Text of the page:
With a huge portion of my own ancestry being Irish, I'm always, always interested to know more about the country, customs and especially, the food and cooking. When the book first arrived I knew it was a winner. Just look at the cover of this beauty:
It's something I know I'd pick up off the shelf of any local bookstore and sit to read cover to cover. It's what I do with cookbooks ... each is read like a novel from front to back. This one is no different. I read it through and chose recipes I wanted to make immediately.
What makes this Irish cookbook so different is the diversity. It's not all corned beef and cabbage (in fact, it's not even in there), but rather a collection of recipes from all over the world including real Irish cuisine, each with it's own special Irish touch.
Did you ever think you'd see Pasta with Tomato and Vodka Sauce, Hungarian Beef Ghoulash, Parisian Potatoes or Salsa Roja in an Irish cookbook? Neither did I, but they're in there with a whole host of unexpected delights offered up by the members of The Irish Countrywomen's Association. Each recipe lists the member who created it with a one-line bio giving you a tiny glimpse of the differences and beauty of each woman in the association.
The photos are sublime in this book. I found myself wanting to dive into the page and eat my way through, or simply to visit the kitchen or dining space the photo was taken in. The images do such wonderful and delicious justice to the food that I had to share that sentiment with the photographer, Joanne Murphy.
All together, the stories, the recipes and the photographs make this book an instant favorite of mine that I'm certain I'll turn to again and again over the years. I'm also certain it will be passed down in my family and last a very long and beautiful life.
Just in time for St. Patrick's Day, here are two traditional recipes from the book that are just perfection.
|Lickeen Colcannon from Claire Ann McDonnell. |
Photograph by Joanne Murphy, styling by Orla Neligan
Claire Ann McDonnell, Wicklow: Loves gardening and the country air
This is my original take on traditional colcannon, and was such a winning combination of leftovers that I make it regularly. It’s very popular and very tasty.
Makes 6 individual servings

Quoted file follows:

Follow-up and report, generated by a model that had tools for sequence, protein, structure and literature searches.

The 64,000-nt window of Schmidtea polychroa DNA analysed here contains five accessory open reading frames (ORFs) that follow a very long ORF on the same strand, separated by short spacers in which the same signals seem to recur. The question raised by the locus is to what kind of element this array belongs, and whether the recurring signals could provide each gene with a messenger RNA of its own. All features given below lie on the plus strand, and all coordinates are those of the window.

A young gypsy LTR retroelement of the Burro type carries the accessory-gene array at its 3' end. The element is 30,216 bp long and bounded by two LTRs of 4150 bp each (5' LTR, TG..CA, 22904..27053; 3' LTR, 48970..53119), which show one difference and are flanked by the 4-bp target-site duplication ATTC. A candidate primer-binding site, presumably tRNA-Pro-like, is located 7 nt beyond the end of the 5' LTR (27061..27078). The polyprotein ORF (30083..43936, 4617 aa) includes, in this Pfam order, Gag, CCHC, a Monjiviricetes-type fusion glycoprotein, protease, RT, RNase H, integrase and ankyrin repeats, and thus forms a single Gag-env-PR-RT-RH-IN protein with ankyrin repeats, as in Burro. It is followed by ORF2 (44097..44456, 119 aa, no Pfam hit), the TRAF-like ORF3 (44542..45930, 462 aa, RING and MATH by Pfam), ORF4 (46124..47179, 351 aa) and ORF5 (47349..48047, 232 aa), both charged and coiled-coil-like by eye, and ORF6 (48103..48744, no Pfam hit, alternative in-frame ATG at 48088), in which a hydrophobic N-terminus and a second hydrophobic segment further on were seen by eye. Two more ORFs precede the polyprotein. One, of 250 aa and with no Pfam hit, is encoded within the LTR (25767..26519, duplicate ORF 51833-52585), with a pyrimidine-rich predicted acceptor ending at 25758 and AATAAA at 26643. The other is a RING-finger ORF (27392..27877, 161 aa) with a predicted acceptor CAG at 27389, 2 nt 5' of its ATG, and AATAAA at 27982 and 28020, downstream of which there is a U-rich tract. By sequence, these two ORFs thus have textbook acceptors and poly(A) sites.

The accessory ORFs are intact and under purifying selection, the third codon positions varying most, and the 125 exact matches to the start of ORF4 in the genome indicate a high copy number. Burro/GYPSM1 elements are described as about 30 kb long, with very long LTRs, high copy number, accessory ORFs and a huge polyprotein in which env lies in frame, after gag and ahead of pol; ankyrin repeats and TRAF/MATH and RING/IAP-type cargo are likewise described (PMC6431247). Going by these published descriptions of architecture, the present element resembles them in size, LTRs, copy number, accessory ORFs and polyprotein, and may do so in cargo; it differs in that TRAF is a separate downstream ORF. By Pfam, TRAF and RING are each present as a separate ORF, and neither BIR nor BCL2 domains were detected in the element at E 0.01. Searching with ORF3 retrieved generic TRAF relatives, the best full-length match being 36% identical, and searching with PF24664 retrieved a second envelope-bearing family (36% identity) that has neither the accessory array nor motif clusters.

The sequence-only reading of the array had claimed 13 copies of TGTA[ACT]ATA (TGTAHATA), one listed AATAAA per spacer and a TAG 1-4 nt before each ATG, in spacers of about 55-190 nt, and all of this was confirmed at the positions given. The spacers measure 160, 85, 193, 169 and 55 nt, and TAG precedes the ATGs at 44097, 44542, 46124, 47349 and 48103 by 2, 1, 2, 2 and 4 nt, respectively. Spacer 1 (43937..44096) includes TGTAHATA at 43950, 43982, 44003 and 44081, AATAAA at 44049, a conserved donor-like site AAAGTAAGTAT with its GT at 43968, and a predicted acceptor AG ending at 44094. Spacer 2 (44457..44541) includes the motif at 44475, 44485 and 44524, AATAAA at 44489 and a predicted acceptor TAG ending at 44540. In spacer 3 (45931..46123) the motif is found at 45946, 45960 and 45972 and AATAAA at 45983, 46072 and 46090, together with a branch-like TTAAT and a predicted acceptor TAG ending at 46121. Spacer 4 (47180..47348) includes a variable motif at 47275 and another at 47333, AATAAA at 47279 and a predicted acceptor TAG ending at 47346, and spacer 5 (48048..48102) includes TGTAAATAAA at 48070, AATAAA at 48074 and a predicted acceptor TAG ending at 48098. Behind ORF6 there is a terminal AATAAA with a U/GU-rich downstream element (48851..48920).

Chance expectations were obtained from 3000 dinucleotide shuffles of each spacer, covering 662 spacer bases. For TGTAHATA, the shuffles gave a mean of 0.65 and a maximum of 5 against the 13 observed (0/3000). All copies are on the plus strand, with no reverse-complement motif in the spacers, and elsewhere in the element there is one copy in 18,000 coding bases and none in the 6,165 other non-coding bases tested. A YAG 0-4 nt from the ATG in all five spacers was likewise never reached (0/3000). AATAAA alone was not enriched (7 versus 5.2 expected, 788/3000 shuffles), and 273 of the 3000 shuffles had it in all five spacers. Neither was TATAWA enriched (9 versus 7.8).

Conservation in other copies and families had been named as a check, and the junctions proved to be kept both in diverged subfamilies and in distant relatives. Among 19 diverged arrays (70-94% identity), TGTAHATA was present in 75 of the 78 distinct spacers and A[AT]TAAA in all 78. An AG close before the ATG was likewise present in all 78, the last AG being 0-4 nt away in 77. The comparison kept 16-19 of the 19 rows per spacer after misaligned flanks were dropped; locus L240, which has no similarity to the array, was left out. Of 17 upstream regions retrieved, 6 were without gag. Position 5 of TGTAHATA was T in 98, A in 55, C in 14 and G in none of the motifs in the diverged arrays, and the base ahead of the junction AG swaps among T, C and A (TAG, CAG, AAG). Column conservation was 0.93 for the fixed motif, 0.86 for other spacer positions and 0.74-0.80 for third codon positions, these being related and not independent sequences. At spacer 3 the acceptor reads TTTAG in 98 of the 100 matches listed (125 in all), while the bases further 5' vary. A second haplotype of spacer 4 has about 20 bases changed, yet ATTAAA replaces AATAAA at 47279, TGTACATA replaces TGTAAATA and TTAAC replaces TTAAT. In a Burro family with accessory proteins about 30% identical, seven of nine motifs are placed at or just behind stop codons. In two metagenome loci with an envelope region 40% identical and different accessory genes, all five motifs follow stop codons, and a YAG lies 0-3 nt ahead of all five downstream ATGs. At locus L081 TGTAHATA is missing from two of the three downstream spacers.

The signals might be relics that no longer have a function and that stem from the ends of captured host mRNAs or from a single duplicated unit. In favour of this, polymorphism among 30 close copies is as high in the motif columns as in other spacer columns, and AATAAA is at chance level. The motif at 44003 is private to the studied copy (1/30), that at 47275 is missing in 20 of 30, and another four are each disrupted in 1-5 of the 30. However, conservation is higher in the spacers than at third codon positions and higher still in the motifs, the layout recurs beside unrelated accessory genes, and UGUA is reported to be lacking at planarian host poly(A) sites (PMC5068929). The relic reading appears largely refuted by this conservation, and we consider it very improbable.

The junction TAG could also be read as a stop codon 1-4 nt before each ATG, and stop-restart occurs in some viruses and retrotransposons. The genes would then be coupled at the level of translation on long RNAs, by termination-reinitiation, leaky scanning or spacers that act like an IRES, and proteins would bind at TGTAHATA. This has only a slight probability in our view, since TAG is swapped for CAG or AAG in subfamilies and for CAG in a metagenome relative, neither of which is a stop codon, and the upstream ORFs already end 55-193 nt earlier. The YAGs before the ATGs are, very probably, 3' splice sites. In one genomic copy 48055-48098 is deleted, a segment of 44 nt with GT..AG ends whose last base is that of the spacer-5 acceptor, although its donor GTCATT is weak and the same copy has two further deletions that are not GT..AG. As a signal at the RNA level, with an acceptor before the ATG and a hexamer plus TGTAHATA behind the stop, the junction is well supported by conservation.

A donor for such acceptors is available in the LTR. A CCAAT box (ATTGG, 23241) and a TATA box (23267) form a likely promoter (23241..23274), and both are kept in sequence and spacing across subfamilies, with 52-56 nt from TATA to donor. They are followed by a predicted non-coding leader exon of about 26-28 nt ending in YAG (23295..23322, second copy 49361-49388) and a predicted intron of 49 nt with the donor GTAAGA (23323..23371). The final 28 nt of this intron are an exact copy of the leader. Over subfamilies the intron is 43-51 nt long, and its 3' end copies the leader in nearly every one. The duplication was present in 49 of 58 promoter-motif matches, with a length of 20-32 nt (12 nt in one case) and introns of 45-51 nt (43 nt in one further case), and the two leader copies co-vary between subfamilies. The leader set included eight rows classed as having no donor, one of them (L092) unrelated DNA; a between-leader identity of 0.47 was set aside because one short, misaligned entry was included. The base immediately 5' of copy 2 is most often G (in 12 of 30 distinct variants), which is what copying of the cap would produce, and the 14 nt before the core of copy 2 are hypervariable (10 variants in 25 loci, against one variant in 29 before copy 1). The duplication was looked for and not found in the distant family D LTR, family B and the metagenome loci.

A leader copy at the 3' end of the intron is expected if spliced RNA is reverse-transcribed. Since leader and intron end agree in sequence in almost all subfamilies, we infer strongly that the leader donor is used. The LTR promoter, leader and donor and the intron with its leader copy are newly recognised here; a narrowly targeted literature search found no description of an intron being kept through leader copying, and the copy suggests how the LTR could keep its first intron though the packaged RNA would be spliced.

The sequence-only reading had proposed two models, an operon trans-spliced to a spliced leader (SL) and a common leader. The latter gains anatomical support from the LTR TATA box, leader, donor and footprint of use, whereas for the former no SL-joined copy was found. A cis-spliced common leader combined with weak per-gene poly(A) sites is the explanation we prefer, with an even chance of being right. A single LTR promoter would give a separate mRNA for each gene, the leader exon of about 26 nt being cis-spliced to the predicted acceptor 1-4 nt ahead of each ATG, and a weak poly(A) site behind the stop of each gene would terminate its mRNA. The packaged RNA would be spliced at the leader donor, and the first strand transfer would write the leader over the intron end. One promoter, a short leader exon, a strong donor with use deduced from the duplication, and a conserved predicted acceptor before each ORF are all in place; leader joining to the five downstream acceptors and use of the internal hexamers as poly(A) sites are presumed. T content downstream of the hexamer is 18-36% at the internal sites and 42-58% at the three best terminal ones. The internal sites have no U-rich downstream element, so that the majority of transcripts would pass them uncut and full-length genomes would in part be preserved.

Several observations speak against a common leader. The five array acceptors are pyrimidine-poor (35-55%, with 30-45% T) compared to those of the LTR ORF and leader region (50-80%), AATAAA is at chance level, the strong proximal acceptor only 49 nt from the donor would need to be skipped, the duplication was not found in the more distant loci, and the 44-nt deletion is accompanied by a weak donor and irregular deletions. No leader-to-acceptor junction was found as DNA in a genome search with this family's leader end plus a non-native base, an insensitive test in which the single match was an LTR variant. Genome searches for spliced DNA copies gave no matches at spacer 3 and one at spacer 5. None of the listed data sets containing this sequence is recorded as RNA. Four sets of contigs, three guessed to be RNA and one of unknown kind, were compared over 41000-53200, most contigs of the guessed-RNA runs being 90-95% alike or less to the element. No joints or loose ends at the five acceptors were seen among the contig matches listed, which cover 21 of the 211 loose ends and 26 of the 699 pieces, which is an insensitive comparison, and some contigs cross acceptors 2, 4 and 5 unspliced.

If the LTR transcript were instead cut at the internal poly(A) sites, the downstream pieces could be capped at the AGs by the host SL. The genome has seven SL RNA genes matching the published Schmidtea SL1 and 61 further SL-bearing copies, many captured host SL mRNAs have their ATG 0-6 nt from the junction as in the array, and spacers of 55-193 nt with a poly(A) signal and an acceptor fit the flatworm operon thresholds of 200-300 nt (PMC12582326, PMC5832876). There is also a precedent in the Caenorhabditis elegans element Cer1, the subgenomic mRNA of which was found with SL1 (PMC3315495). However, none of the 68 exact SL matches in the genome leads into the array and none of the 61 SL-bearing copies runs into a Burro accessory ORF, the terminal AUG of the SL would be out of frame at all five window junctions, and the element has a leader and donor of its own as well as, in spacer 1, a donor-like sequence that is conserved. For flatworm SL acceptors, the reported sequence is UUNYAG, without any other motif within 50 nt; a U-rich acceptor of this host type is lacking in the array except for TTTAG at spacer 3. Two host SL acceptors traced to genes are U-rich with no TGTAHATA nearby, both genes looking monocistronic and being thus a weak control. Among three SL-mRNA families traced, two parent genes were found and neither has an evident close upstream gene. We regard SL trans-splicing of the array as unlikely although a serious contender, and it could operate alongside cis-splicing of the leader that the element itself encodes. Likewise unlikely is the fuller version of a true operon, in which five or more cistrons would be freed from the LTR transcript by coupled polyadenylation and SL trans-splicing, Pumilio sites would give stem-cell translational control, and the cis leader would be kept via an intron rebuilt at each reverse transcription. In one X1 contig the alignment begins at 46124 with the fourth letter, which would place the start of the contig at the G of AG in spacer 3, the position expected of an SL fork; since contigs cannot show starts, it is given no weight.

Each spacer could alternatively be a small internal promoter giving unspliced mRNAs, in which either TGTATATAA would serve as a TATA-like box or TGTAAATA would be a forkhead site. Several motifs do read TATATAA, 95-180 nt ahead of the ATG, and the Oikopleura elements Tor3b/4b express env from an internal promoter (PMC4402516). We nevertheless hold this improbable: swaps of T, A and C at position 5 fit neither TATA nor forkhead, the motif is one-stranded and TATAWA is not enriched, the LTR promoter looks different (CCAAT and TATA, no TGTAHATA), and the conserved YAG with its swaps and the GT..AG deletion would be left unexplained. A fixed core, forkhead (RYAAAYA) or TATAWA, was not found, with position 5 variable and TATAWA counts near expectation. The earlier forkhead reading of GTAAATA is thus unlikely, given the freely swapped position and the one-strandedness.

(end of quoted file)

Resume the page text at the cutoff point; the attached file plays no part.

• 675g (1½lb) potatoes, peeled and quartered
• 450g (1lb) green cabbage, shredded
• 50g (2oz) butter
• 1 small onion, finely chopped
• salt and freshly ground black pepper
• 2–3 tablespoons grated Cheddar cheese
• 6 streaky rashers (optional)
1. Preheat oven to 180ºC/350ºF/Gas 4.
2. Bring a large pot of salted water to the boil and simmer the potatoes until tender, about 15 minutes. In another pot of boiling water, simmer the shredded cabbage for 10 minutes and drain well.
3. Drain the potatoes once cooked, and mash well with butter. Add the cabbage and onion and season to taste.
4. Divide between six ovenproof ramekin dishes. Lightly score the top of each so it crisps up nicely and sprinkle over grated cheese. Transfer to preheated oven and cook for 20 minutes until it is golden.
5. Meanwhile preheat a grill to hot and cook the streaky rashers until crispy. Cut each in half and serve the individual ramekins garnished with two half slices each.
|Dublin Coddle by Maureen Butler|
Photograph by Joanne Murphy, styling by Orla Neligan
Maureen Butler, Meath: Bridge-playing mother of four
As a child growing up in Dublin, we always had this served to us at the end
of the week when all that was left were rashers, sausages and potatoes.
Everything was put into the one pot and cooked. It was delicious,
particularly on a cold winter’s day.
• 2kg (4½lb) potatoes, peeled
• 500ml (1 pint) boiled water
• 1 ham, chicken or beef stock cube (optional)
• 450g (1lb) good quality pork sausages
• 450g (1lb) piece thick-cut bacon
• 2 large onions, sliced
• 1 tablespoon finely chopped fresh parsley
• salt and coarse ground pepper to serve
• fresh soda bread ICA Tip Pork sausages are best bought from a local butcher.
1. Preheat oven to 150ºC/300ºF/Gas 2.
2. Cut any larger potatoes into three or four pieces, leaving smaller ones whole so that they will cook evenly. Dissolve the stock cube in the boiled water, if using.
3. Grill the sausages and bacon long enough to colour them but taking care not to dry them out. Drain on paper towels and chop the bacon into 2½cm (1in) pieces. You can chop the sausages into bite-sized pieces, though some prefer to leave them whole.
4. In a large ovenproof casserole dish with a tight lid, layer the onions, bacon, sausages and potatoes, seasoning each layer liberally with pepper and parsley. Continue until the ingredients are used up and pour the hot water or bouillon mixture over the top.
5. On the stove, bring the liquid to a boil. Immediately reduce heat and cover the pot. You may like to put a layer of foil underneath the pot lid to help seal it.
6. Place the covered pot in preheated oven and cook for at least three hours (up to four or five hours will not hurt it). After two hours, check liquid levels and add more water if necessary. There should be about an inch of liquid at the bottom of the pot at all times.
7. Serve hot with fresh soda bread to mop up the lovely gravy.
Please do take a look and "Like" The Irish Countrywomen's Association Facebook page (I did!) and also check out the website: Irish Countrywomen's Association